And yet, court records show no sign Katz was ever charged with a violent crime.

In addition to the background check, state law requires anyone buying a handgun to be licensed. Buyers must be fingerprinted and attend a firearms safety class to receive the license.

Eric Schaffer runs a Frederick law office known as Maryland Gun Lawyers. He routinely helps people obtain and keep their guns. Katz’s case shows background checks aren’t the answer, he says.

“I just don’t see a lot of evidence they work,” he said. “Look at the list of people who have passed background checks and then been involved in mass shootings.”

Schaffer says some clients are reluctant to seek therapy for concern they would lose their guns.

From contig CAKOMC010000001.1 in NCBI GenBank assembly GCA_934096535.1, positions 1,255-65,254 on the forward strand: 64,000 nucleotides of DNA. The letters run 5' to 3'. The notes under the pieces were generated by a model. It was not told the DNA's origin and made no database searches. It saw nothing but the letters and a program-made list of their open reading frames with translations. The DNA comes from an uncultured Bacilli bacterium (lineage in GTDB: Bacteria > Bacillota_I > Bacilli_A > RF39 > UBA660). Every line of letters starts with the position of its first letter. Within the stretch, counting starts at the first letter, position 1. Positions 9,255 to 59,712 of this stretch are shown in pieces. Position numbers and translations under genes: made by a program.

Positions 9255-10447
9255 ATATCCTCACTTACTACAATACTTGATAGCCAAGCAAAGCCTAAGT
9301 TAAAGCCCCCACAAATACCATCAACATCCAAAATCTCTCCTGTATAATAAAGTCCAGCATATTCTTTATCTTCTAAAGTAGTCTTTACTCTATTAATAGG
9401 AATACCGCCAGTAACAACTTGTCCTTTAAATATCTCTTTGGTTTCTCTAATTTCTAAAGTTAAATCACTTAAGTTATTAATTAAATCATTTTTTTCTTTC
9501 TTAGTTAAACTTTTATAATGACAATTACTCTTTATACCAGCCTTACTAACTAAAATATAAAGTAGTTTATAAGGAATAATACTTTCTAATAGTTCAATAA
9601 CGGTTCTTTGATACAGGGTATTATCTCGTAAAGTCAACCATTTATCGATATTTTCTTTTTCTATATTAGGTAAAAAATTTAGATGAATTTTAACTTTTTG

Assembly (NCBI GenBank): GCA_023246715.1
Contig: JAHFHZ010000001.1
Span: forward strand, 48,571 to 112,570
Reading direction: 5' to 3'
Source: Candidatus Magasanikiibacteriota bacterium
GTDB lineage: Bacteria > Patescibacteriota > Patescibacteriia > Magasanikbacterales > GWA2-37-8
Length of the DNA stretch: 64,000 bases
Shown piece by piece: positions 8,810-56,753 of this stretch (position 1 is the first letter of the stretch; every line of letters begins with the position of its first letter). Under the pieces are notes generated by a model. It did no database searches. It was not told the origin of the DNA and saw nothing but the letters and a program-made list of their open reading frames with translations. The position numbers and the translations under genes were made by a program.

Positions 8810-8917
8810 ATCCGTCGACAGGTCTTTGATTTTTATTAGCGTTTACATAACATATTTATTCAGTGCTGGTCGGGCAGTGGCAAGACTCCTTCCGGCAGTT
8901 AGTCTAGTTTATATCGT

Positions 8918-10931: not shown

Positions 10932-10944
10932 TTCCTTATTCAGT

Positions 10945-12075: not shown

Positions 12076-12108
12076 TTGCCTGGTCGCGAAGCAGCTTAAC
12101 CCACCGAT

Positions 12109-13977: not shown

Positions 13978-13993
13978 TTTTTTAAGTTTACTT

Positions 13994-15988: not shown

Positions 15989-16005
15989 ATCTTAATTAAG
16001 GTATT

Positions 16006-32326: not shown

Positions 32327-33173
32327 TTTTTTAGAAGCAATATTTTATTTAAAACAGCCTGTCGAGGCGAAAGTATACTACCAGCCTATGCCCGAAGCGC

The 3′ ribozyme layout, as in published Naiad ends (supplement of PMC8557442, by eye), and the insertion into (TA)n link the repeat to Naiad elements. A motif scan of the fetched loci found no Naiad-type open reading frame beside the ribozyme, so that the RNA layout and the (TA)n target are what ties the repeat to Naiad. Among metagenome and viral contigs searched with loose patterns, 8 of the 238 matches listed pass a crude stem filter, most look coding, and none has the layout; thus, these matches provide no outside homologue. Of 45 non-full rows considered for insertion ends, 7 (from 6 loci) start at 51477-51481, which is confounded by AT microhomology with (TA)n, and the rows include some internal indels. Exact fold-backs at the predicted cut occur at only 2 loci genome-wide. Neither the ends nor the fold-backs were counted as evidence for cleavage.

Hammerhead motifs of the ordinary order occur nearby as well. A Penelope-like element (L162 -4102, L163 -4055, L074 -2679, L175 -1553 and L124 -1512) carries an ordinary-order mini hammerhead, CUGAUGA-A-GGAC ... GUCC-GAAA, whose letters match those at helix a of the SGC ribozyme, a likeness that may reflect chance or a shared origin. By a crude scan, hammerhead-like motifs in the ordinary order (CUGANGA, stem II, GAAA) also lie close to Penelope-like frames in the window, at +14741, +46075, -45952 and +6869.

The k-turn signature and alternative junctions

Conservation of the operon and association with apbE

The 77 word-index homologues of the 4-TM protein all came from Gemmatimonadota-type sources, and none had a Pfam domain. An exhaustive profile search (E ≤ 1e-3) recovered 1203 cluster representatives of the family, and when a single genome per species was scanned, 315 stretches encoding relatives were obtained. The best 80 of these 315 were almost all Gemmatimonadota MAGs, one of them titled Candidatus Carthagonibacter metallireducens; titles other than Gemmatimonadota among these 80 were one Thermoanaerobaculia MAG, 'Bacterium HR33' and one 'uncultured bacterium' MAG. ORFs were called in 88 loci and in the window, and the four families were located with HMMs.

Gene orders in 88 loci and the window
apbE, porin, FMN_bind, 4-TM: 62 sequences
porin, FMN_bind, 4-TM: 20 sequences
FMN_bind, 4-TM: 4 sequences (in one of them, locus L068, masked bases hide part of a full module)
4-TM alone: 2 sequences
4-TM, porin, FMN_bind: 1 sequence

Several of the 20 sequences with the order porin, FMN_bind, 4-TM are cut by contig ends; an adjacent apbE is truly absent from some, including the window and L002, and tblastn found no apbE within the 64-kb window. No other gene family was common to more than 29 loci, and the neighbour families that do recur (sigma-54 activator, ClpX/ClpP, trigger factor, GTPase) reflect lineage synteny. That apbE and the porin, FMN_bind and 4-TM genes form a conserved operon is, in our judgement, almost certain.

Like those who research gun violence, Schaffer wonders what effect the new law will bring in October.

Earlier this year, the General Assembly passed the so-called “red-flag” law, allowing police to seize guns from people whom judges deem dangerous.

A gunman killed two men and wounded 10 others before fatally shooting himself at a e-sports gaming tournament in Jacksonville, Fla.

Under the law, family members or police can petition a court to intervene and confiscate guns from a threatening relative. As with a protective order, a judge would have to find the person poses harm.

Katz would be a likely candidate for the intervention, said Emma Beth McGinty, who researches violence and mental health at the Hopkins gun center.

“This is an individual who was exhibiting pretty clear signs of dangerous behavior,” McGinty said. “I really wish we had the red-flag law in place sooner.”